– From The Harvester, October 1968
– Three senators give state legislative view
– Three Florida state senators — Reuben O’D Askew, Jerry Thomas and John Mathews — told FFVA members at the FFVA Annual Convention’s third business session about the state Legislature and agriculture.
Sen. Thomas, chairman of the Senate Committee on Agriculture and Livestock, said one of the biggest challenges facing agriculture is informing citizens of agriculture’s contribution to the economy of the state.
He said Florida ranchers and farmers spend more than $600 million each year on production goods such as tractors, trucks, chemicals, etc. and that agriculture also is one of the largest users of credit in the state.
He said the annual retail value of agricultural products is $4.5 billion, which is more than the combined income of tourism and industry.
He commented that Palm Beach County was the fourth largest agricultural county, but tourists, retirees and industrial workers don’t know it.
“This has been my primary concern – that agriculture would become a stepchild in Florida’s quest for greater tourism and industrial development.”
Thomas said agriculture got a big kick in the teeth from the 1967 Legislature when Gov. Claude Kirk vetoed time and again funds for the Apopka foliage lab, the fire ant program and funds for IFAS.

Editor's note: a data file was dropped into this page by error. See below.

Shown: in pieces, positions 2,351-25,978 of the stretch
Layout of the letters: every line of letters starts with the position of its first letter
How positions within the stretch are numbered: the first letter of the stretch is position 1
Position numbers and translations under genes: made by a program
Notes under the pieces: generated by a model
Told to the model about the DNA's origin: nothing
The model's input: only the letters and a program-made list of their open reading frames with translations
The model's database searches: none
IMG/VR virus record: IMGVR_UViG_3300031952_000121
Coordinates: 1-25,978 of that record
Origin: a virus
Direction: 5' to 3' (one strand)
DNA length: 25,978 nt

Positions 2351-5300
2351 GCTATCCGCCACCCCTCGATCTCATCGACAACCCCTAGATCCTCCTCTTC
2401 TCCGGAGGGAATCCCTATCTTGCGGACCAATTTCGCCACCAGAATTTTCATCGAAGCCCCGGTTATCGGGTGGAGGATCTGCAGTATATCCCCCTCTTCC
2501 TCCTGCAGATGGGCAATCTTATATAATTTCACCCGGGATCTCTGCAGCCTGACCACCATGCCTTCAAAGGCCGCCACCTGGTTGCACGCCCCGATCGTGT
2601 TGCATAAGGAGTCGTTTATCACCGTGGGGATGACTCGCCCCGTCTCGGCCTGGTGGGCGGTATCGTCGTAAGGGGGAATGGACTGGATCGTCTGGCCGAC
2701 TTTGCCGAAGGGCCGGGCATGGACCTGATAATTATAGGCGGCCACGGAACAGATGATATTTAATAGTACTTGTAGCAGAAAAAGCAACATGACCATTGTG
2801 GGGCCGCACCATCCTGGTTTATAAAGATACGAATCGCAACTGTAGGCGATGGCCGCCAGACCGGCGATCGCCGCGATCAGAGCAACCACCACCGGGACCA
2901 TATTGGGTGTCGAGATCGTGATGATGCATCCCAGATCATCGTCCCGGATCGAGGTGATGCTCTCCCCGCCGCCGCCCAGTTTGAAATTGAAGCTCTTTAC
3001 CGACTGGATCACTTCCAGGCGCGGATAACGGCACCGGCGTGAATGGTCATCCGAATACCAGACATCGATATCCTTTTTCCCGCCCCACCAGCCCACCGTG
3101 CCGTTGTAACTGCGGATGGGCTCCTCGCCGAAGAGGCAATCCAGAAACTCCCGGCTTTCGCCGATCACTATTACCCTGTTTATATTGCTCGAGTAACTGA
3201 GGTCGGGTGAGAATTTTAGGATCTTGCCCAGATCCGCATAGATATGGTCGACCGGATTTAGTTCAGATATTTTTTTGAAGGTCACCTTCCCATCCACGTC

He said the governor allowed the bill to pass after citizens contacted legislators and showed their support for funds needed for agriculture.
The senator was strong in his praise of the research and contribution made to agriculture by IFAS and the extension services. He said the two had made it possible for Florida farm income since 1948 to increase some 216 percent as compared to a 40 percent national increase.
Sen. Askew called agriculture the backbone of the Florida economy. He said many problems facing Florida agriculture such as imports and offshore labor would have to be solved on the national level, but added the state Legislature was interested in helping to find solutions to these problems.
Sen. John Mathews spoke on law and order and said there won’t be a market for produce if law and order isn’t preserved. He called law enforcement the stepchild of government over the years and said we should beef up the economic status, the size and the prestige of our law enforcement officers.